They deeply regret the fact that they are foes and resent the social restrictions placed upon their love because of their different “names”.
Juliet exclaims in despair, “Romeo, Romeo, wherefore art thou Romeo”.
Juliet refers to the ambiguity of love and the fact that love and hate are intertwined: “my only love sprung from my only hate”.
She is deeply saddened by the fact that Romeo is a Montague.
However both agree that their love for each over outweighs their families’ hatred.
There are many reasons why "Romeo and Juliet", one of Shakespearean masterpieces, has been the source of topics for essayists who feel panache for writing compare and contrast essays.
It is a play with delicately described loftiness and purity of love between two young people.
Very few plays in English literature can substantiate the idea that love is quite indescribable and inexpressible feeling so precisely as Romeo and Juliet.
In addition, love has always been the feeling that is yet to be described perfectly.
So, needless to say, this play has been a reliable source of ideas for avid learners and hardworking students to write compare and contrast essays.
Shakespeare suggests that love is far superior to hatred and does not respect borders and barriers.
Juliet’s comments reveal her desire to “doff thy name”.
Examine carefully Romeo’s and Juliet’s romantic first encounter, where the young lovers speak, touch, then kiss in the course of sharing a sonnet.
“While Romeo addresses his beloved in the well-worn language of the Petrarchan lover, the division of the sonnet between the young man and the usually silent object of his love offers a new twist.” (James Shapiro, , Harper, London, 2005, 193).
In this case the lovers each speak in quatrains; the passionate pilgrim, Romeo, speaks first, and unlike other 16th century traditional sonnets wherein the female voice is silent, Shakespeare gives Juliet the right of reply, showing a greater sense of power of the feminine.
Shakespeare suggests that the love has the potential to bridge the feelings of animosity and hatred that swirl between the two families and for this reason Friar Lawrence agrees to wed Romeo and Juliet.
He believes that it is unreasonable for the two lovers to be separated by their feuding families.
He also believes that the marriage between the two families potentially could solve the aimless fighting that haunts the streets of Verona.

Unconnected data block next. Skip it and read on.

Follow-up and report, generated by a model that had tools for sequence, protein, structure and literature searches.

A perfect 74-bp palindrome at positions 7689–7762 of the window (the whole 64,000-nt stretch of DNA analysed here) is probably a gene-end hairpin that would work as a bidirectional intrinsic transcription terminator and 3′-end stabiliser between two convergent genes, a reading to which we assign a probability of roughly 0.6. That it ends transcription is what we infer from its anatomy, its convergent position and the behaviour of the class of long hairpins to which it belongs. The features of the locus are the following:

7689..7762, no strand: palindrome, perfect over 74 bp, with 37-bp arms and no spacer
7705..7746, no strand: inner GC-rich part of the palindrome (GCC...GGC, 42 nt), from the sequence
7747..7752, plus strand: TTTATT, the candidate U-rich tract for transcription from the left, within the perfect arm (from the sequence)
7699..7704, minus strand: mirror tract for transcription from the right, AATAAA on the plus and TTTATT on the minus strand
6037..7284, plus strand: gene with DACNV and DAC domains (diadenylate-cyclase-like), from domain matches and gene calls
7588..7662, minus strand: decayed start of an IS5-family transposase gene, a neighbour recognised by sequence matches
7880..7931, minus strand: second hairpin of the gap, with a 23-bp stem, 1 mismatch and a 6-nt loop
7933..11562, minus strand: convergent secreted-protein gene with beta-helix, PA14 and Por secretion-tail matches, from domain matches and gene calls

The brawls between the families as each seek to defend their family honour, the death of Tybalt and Mercutio and the proposed marriage to Paris are all events that seek to inject a sense of urgency into their relationship.
Despite the hatred, Romeo and Juliet are intuitively and romantically drawn to each other and reflect their desire to rise above petty grievances.
Here is a list of some distinctive ideas which can provide aspiring essayists with the opportunity to exercise their innate talents.
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Romeo and Juliet is as much a story of hate as it is of love (by Dr Jennifer Minter) Sadly, Romeo and Juliet hail from the two feuding families, the Montagues and the Capulets respectively, which determines their intense, short love affair.
She is a “snowy dove trooping with crows.” He is immediately respectful towards her even though she is a Capulet, and his love is more heartfelt than his pretentious show of affection towards Rosaline.
Juliet is also much more angelic and radiates purity and softness.
Romeo expresses his rapture: “O she doth teach the torches to burn bright!
It seems she hangs upon the cheek of night as a rich jewel in an Ethiop’s ear.” The fact that they come from hostile families makes their love more intense, urgent and desperate.
During the balcony scene Romeo and Juliet express their deep love and devotion to for each other.
Shakespeare presents many attempts in the play to bridge the hatred between the families, but only the deaths of the lovers has the potential to make a lasting difference.